Hydrogen’s potential to help decarbonise economies could be “significantly undercut” over the next two decades unless efforts to measure and analyse leakage across the supply chain are ramped up, according to non-profit organisation the Environmental Defense Fund (EDF).

When combined with potential upstream methane leakage, deployment of blue hydrogen could “in some very plausible scenarios actually increase warming over a couple of decades”, EDF chief scientist Steven Hamburg told the World Hydrogen 2024 event in Rotterdam.

“We learned from the natural gas systems that it is a lot harder to go back and fix things than to get them right initially,” he said. “And there are enough issues here that if we don't think about it initially, we have a high probability of under-delivering on the promise of hydrogen.”

He called on all stakeholders in the emerging hydrogen economy—from the scientific community to policymakers and industry—to work together to tackle the issue as quickly as possible. Technology to measure hydrogen leaking from the supply chain is not yet commercially available, Hamburg said. “Remember, we are talking about the smallest molecule. It is very slippery. It is hard to hold on to,” he added.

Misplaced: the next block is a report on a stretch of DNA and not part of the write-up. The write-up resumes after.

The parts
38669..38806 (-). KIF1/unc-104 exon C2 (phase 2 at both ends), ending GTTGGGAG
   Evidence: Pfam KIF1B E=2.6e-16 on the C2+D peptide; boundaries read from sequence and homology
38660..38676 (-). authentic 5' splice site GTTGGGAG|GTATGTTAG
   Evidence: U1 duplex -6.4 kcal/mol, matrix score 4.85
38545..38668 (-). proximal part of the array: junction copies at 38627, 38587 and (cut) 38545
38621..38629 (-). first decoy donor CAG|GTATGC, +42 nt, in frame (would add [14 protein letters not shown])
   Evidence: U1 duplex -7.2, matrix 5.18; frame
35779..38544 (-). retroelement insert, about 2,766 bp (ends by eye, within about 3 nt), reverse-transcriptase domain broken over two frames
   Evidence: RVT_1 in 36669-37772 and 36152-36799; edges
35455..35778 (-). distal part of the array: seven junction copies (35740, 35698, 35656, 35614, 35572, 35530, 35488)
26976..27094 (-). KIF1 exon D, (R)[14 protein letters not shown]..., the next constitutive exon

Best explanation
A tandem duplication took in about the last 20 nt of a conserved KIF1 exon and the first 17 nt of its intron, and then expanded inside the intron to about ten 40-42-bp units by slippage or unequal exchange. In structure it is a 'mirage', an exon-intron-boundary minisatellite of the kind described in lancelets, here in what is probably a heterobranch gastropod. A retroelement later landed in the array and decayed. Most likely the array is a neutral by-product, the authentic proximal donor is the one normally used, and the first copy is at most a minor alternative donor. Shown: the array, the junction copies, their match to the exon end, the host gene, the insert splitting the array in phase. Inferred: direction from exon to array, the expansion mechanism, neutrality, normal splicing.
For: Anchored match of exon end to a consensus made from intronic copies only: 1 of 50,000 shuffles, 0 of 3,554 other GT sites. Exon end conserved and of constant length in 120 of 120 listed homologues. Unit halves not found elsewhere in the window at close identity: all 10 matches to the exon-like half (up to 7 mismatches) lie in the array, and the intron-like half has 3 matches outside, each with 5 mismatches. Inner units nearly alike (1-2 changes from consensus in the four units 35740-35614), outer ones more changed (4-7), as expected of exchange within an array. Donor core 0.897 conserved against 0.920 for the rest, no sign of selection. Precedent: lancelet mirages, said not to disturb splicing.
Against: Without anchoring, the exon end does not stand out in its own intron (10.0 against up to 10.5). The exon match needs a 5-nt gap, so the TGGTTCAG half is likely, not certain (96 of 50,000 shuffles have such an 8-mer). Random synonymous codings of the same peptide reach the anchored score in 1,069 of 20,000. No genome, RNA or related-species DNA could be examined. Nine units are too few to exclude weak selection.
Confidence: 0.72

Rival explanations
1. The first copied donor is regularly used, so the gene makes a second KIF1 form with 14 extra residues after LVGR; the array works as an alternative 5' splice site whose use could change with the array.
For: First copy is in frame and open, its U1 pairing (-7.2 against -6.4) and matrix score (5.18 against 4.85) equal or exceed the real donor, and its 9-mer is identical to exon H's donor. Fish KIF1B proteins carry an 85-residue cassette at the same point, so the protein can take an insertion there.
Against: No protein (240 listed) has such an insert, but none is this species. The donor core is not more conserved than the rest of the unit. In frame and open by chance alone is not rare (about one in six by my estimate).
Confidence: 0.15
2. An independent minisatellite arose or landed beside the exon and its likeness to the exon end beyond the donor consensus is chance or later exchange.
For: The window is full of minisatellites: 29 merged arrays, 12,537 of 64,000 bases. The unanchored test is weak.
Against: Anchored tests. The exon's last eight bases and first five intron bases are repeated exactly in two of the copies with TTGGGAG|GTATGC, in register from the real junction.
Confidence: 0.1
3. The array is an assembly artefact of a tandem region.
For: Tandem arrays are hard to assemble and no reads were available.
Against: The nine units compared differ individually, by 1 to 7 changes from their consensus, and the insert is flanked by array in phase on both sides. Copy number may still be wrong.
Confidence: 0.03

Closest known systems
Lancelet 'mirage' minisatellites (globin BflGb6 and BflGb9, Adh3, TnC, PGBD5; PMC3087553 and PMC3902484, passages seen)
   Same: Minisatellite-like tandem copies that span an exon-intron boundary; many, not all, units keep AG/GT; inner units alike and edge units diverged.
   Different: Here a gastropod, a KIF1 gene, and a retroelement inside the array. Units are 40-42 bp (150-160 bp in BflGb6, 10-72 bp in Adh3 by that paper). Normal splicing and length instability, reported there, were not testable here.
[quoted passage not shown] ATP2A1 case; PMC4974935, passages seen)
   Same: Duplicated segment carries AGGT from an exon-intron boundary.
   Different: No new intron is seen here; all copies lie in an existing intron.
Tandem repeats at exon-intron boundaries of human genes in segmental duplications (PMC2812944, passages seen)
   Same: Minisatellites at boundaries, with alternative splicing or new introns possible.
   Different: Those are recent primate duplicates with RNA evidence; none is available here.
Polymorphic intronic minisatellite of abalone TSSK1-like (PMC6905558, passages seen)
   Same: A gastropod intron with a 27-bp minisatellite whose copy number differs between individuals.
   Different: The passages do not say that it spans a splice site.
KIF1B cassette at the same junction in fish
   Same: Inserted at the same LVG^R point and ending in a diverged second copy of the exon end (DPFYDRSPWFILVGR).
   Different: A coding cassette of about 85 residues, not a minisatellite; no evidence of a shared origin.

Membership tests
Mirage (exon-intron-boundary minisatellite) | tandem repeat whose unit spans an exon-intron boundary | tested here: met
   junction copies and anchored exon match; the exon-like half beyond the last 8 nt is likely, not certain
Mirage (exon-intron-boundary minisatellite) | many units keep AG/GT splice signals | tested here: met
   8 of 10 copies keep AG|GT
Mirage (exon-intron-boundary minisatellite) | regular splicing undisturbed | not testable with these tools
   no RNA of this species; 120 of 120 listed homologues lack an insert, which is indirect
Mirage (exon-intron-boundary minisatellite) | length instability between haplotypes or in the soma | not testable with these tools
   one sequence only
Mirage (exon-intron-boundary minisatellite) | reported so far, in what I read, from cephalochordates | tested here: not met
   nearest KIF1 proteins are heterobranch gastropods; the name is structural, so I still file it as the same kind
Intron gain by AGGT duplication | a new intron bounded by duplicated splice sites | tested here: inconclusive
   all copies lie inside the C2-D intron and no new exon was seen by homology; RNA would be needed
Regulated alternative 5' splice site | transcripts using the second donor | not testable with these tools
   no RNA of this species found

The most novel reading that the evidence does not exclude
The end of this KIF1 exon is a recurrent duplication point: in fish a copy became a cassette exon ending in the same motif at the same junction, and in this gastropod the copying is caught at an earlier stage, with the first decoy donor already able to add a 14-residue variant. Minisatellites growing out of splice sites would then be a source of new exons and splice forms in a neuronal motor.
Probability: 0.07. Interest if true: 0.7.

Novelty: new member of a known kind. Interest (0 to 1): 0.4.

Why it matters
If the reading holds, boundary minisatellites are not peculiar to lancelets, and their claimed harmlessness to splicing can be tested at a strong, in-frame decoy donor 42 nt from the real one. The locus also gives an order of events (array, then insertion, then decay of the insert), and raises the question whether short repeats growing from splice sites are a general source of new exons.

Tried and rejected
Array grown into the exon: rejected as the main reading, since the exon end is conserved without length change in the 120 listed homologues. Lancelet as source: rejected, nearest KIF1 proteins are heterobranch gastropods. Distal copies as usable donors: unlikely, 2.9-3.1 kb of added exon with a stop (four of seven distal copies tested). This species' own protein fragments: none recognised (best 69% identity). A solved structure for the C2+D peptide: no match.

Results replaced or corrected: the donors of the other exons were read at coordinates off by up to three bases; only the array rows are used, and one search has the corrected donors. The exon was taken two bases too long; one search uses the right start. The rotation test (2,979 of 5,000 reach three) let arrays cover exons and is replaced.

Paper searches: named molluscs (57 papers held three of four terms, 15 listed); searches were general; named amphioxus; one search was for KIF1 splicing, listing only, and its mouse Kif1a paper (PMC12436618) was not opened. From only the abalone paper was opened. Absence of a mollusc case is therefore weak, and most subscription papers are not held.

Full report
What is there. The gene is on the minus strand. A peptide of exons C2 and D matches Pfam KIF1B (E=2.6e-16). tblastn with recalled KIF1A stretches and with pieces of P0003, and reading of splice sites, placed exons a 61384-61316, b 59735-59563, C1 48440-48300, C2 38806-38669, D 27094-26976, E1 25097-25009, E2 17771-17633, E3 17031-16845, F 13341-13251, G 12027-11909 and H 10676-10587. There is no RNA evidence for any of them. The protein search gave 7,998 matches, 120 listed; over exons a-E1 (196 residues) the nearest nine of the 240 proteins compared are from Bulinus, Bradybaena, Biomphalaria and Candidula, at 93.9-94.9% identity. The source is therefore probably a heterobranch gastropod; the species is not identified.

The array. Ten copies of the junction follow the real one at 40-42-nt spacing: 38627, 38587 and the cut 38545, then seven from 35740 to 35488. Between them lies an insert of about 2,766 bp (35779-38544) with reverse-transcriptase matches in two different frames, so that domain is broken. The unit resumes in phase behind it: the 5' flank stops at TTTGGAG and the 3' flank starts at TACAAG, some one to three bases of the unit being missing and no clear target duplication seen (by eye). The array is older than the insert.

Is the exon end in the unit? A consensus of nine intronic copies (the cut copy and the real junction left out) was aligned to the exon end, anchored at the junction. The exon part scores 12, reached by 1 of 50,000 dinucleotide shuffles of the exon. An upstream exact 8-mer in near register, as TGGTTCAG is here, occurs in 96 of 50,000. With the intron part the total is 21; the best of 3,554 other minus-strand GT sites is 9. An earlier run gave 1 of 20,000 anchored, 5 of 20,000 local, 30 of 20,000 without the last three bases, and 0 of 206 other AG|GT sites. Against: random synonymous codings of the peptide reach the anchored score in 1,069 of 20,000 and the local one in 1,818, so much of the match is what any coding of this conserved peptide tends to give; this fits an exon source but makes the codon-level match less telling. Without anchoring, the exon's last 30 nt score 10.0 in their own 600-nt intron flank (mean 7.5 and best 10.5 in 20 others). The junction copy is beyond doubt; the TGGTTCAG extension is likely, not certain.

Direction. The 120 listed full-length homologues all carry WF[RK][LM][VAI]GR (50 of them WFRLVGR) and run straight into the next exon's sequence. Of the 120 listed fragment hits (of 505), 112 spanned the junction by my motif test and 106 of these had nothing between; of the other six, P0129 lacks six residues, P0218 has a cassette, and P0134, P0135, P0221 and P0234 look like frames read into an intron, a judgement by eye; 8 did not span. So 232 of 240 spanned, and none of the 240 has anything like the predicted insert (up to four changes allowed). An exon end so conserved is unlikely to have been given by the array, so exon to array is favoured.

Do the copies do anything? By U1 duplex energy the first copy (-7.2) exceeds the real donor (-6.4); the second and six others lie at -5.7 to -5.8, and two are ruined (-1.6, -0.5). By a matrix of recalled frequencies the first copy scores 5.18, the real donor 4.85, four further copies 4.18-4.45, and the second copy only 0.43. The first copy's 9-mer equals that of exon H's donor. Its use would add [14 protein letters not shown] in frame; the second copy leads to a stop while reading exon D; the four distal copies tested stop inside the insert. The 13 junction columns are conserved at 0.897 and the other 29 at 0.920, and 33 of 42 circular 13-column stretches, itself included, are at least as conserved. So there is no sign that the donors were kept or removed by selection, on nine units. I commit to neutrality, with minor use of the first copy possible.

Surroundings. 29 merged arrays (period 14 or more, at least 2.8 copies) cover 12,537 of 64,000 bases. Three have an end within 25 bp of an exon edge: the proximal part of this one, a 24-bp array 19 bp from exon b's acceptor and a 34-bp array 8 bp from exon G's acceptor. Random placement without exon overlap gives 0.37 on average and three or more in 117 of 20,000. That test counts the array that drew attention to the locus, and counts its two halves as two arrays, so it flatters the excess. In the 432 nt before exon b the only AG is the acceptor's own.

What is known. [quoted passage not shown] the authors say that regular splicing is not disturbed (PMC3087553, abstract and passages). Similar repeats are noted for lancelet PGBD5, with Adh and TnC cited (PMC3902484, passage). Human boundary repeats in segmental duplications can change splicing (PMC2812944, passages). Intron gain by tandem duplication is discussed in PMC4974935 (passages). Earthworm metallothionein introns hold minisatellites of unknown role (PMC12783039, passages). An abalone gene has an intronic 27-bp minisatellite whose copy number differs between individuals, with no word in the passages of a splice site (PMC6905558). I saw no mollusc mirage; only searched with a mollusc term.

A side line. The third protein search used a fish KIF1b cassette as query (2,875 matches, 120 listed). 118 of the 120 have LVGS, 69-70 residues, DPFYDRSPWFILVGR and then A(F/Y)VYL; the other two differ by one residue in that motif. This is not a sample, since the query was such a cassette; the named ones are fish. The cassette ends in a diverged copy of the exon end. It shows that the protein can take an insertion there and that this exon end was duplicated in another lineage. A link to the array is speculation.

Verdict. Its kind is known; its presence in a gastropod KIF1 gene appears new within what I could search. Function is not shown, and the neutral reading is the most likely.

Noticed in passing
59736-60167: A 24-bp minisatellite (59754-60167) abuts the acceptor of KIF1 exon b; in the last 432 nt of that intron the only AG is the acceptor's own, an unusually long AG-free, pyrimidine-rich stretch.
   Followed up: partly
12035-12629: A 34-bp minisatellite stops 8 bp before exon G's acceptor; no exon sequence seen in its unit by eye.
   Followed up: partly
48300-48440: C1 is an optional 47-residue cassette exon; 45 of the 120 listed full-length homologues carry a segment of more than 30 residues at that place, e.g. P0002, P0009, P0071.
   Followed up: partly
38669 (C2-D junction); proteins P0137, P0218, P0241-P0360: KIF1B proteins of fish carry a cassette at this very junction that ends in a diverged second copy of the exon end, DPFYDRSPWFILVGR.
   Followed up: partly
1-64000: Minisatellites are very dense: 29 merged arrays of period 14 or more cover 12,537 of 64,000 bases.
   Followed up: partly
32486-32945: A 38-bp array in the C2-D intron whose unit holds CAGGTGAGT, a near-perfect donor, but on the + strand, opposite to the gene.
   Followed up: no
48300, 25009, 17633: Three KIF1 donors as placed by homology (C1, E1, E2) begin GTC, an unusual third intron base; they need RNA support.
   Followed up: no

Hamburg cited the progress made on monitoring methane leakage over the last decade and urged the hydrogen sector to accelerate its efforts. “There are now literally hundreds of scientists making measurements and developing techniques to be able to measure methane more efficiently. But 14 years ago, that was not happening and there was very limited technology available,” he said.

Ruud Kempener, team leader at the European Commission, said the EU’s legislative framework around hydrogen recognises the threat of leakage. “But we are missing some of the data because it is so new,” he said. The EU’s delegated act on low-carbon hydrogen must include upstream methane emissions, he added.

Hamburg told the conference he was optimistic that hydrogen leakage could be tackled.

“Hydrogen is part of the solution to a problem we have created. We have got to get it right. To get it right we all have to lean in.  I am optimistic that the industry and entrepreneurs can do it, but it is not done yet by a long shot.”



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